What Abbott Elementary Gets Right: Bingo Night!
On April 13, 2022, The Opportunity Agenda and NaNoWriMo hosted an Abbott Elementary season finale after-show party and bingo! This fun and informative livestream event featured Porshéa Patterson-Hurst, TOA’s Research Manager, with special guests: comedian, TV writer, and alum of our Creative Change retreat Joey Clift and author, activist, and teacher Aya de Leon.
ABOUT ABBOTT ELEMENTARY BINGO
Tied for the highest-rated television comedy series this season, Abbott Elementary burst onto the scene this year, quickly setting viewership records on ABC. The show joins a long history of sitcoms using humor to comment on social issues, and we couldn’t be more pleased to know it will return for a second season.
Based on our latest research — “Power of Pop: What TV Gets Wrong About Getting By,” — most TV shows depicting the challenges of low and middle-income characters fall into one genre: comedy.Our bingo board reflects the trends we identified for how economic and income disparities are portrayed on TV. We want to see how you use it to critique your favorite shows!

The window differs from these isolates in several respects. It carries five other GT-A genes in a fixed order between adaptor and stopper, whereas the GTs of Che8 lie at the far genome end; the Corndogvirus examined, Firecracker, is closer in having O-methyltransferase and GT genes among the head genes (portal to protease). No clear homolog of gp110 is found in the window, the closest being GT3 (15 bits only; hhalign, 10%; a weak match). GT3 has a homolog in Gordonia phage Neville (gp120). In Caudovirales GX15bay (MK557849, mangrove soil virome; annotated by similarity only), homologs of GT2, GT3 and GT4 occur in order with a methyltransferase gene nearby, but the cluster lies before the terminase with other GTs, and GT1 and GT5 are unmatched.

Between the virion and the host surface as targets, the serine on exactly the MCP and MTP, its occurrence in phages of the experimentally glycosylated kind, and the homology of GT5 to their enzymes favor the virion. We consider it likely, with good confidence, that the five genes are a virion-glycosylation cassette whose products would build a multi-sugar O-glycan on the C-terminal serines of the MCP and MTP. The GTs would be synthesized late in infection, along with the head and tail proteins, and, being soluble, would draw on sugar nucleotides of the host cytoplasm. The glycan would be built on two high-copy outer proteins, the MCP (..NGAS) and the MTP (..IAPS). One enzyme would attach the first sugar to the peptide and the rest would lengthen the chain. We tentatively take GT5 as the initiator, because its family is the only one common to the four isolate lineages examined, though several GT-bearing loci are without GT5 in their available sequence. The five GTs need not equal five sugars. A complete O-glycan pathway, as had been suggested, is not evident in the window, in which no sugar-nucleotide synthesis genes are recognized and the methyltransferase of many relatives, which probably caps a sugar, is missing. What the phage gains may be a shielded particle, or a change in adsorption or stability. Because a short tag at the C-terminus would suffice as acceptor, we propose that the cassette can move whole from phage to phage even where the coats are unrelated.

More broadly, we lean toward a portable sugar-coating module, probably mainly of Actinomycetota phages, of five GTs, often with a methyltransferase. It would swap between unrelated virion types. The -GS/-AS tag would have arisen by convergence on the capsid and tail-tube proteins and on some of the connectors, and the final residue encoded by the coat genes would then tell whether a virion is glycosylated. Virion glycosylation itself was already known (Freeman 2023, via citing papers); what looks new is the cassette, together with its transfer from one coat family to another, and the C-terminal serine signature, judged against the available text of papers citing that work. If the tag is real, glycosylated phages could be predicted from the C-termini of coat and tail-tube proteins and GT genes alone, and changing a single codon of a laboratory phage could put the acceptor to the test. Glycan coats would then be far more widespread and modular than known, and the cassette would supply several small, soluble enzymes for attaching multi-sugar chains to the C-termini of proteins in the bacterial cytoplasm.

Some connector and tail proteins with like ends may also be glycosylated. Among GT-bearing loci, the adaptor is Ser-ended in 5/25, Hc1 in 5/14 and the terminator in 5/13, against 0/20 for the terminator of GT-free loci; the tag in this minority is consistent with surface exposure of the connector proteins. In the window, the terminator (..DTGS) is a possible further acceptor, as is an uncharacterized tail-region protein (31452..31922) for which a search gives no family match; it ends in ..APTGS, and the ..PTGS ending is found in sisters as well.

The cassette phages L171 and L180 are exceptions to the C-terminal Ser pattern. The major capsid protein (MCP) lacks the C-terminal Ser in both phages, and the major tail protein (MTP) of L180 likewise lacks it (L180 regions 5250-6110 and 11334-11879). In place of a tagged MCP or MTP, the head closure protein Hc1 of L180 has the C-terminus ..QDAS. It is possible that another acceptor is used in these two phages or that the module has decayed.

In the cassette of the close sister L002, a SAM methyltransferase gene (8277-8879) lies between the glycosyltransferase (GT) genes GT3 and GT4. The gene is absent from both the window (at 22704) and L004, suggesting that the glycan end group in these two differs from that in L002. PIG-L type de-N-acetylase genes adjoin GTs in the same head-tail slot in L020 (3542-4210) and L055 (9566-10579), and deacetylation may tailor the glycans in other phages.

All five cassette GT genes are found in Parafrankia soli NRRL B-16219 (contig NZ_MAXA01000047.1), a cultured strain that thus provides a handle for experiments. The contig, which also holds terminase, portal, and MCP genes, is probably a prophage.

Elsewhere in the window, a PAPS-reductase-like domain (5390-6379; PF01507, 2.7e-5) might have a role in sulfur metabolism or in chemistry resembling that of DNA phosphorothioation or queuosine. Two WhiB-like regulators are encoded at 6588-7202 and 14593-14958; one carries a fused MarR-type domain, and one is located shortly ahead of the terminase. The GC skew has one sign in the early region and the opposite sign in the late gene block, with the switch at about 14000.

Whether you’re new to Abbott Elementary or a die-hard fan, here are three things to know about the show before you play our bingo game:
- Abbott Elementary takes place in a West Philadelphia public school. Created by and starring West Philadelphia’s own Quinta Brunson, the show is inspired by her mom, kindergarten teacher Norma Jean, and named after Brunson’s middle school teacher, Joyce Abbott.
- The salary scale for the School District of Philadelphia starts at $48,000 – $49,000 for full-time teachers with a bachelor’s or master’s degree and eventually reaches $96,000 for a senior career teacher. The most recent salary scale for a school principal starts at $130,000 (as of 7/1/18).
- “Community aid” – also commonly known as mutual aid — refers to any form of solidarity-based support between community members. Unlike charity, which is often a one-directional relationship between service provider and recipient, community aid networks provide anything from cash assistance to in-kind support to help community members meet basic needs, such as food, housing, or childcare.